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Promo '19 - 90%

JackOfAllBlades, May 22nd, 2020
Written based on this version: 2019, Digital, Independent

It's apparent from the first seconds of this short demo that Fog Kingdom, unlike many of their contemporaries, are not afraid of major chords. The rawness is there, sure, as are the shrieked vocals and washes of trebly guitars, but the tunefulness and frankly unchallenging chord progressions are a welcome change of pace, even in spite of my usual gravitation toward somewhat traditional black metal.

The simplistically beautiful (and simplistically titled) "Intro" is replete with this major tonality, lending the tune an air of ancient majesty - something more suitable for visions of a glorious, forgotten kingdom than of the dank dungeons more familiar to underground black metal. This wistful melancholy pervades the metal tracks as well, introducing unabashedly melodious and often folk-inspired leads that imbue the genre's expected sorrow with a grandeur it is too seldom afforded.

This consistency is particularly notable considering that the band's members are a continent apart. Some of black metal's - hell, some of music's - greatest moments owe some of their greatness to the idea of the band members crouched in some dark basement crafting their art, the distinct members subsumed into the collective whole. It takes a special band to develop that same singularity of focus without so much as seeing their co-creators face-to-face.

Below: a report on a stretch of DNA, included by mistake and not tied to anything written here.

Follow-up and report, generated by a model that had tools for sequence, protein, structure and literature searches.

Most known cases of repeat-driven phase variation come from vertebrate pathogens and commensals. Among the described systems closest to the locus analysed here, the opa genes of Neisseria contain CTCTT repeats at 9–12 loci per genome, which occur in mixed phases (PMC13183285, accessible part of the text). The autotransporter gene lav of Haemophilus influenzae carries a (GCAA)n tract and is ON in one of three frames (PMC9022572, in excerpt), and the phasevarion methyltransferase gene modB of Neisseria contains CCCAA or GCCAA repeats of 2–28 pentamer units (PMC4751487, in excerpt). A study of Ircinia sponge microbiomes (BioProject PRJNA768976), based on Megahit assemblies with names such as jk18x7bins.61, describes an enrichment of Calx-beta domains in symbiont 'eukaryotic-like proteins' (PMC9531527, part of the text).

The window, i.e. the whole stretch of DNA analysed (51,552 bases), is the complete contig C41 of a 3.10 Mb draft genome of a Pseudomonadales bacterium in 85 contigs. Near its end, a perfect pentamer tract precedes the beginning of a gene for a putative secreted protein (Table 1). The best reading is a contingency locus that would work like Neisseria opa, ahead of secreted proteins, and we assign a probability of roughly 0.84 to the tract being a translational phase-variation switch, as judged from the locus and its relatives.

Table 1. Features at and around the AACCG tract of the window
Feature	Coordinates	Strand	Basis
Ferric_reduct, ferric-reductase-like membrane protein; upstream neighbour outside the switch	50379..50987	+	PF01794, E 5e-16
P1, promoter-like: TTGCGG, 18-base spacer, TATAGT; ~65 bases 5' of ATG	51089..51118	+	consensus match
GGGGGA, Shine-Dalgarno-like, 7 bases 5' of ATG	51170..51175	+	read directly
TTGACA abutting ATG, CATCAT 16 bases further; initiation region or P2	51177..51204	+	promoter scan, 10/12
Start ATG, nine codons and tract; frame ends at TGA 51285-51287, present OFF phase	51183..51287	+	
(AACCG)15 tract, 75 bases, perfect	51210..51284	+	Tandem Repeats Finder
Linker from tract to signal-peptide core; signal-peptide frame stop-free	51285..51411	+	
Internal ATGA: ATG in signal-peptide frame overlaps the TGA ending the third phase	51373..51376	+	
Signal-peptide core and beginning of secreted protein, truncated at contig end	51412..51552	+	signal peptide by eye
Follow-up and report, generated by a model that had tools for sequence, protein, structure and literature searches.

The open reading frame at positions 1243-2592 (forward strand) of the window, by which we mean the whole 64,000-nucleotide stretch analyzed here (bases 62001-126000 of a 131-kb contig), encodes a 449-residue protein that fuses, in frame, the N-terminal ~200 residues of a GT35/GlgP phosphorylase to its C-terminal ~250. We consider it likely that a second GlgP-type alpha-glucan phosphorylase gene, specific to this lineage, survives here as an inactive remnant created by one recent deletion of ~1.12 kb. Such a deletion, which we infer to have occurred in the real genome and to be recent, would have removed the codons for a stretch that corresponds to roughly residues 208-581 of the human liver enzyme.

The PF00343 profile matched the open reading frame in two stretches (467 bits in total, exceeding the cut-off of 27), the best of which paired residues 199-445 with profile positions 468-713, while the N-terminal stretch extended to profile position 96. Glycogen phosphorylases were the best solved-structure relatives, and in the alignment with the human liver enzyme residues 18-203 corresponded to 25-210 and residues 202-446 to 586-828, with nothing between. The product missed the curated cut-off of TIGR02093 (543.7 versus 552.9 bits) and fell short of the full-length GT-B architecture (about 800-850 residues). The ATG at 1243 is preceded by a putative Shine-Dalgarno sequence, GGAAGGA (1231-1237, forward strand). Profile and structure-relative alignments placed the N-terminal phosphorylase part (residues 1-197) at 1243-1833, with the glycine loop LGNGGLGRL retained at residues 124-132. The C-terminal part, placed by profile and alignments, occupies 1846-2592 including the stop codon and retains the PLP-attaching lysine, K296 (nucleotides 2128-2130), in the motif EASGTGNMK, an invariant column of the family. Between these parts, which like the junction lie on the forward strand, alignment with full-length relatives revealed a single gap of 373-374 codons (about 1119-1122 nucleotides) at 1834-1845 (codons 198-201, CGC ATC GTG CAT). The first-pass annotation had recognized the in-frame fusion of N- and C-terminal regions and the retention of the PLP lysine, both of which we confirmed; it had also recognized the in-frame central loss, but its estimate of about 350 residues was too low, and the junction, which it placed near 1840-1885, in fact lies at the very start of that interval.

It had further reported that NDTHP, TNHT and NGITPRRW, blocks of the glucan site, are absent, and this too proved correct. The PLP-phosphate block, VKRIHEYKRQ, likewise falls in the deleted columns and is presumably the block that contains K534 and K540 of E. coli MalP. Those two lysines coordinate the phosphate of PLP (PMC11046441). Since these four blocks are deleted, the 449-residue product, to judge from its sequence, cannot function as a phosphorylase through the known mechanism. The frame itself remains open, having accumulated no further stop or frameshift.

Granted, some of this international distance does seem to rear its head here and there - "Blood of a Tyrant", the first of the two metal tracks, suffers occasionally from some less-than-ideal compositional choices. The transitions between sections could be smoother, and the barebones, quarter-note ending is somewhat underwhelming four minutes deep into the otherwise grandiose track. In fact, the few other weak points that crop up (like a weak-sounding drum machine or the odd, overly-guitar-centered mixing) could best be described as 'underwhelming' - it's not that they're unforgivable errors, they just aren't up to snuff with the quality standard the short tape sets for itself.

Setting the bar too high is rarely a debut demo tape's worst offense, though, so I couldn't hold it against the band. Promo '19 is, at its very worst, the sound of a promising young band simply missing the mark on one issue out of many. No doubt these minor gripes will be remedied, or at least on their way there, by the time Fog Kingdom releases more music - and when they do, I'll be glad to return to the kingdom.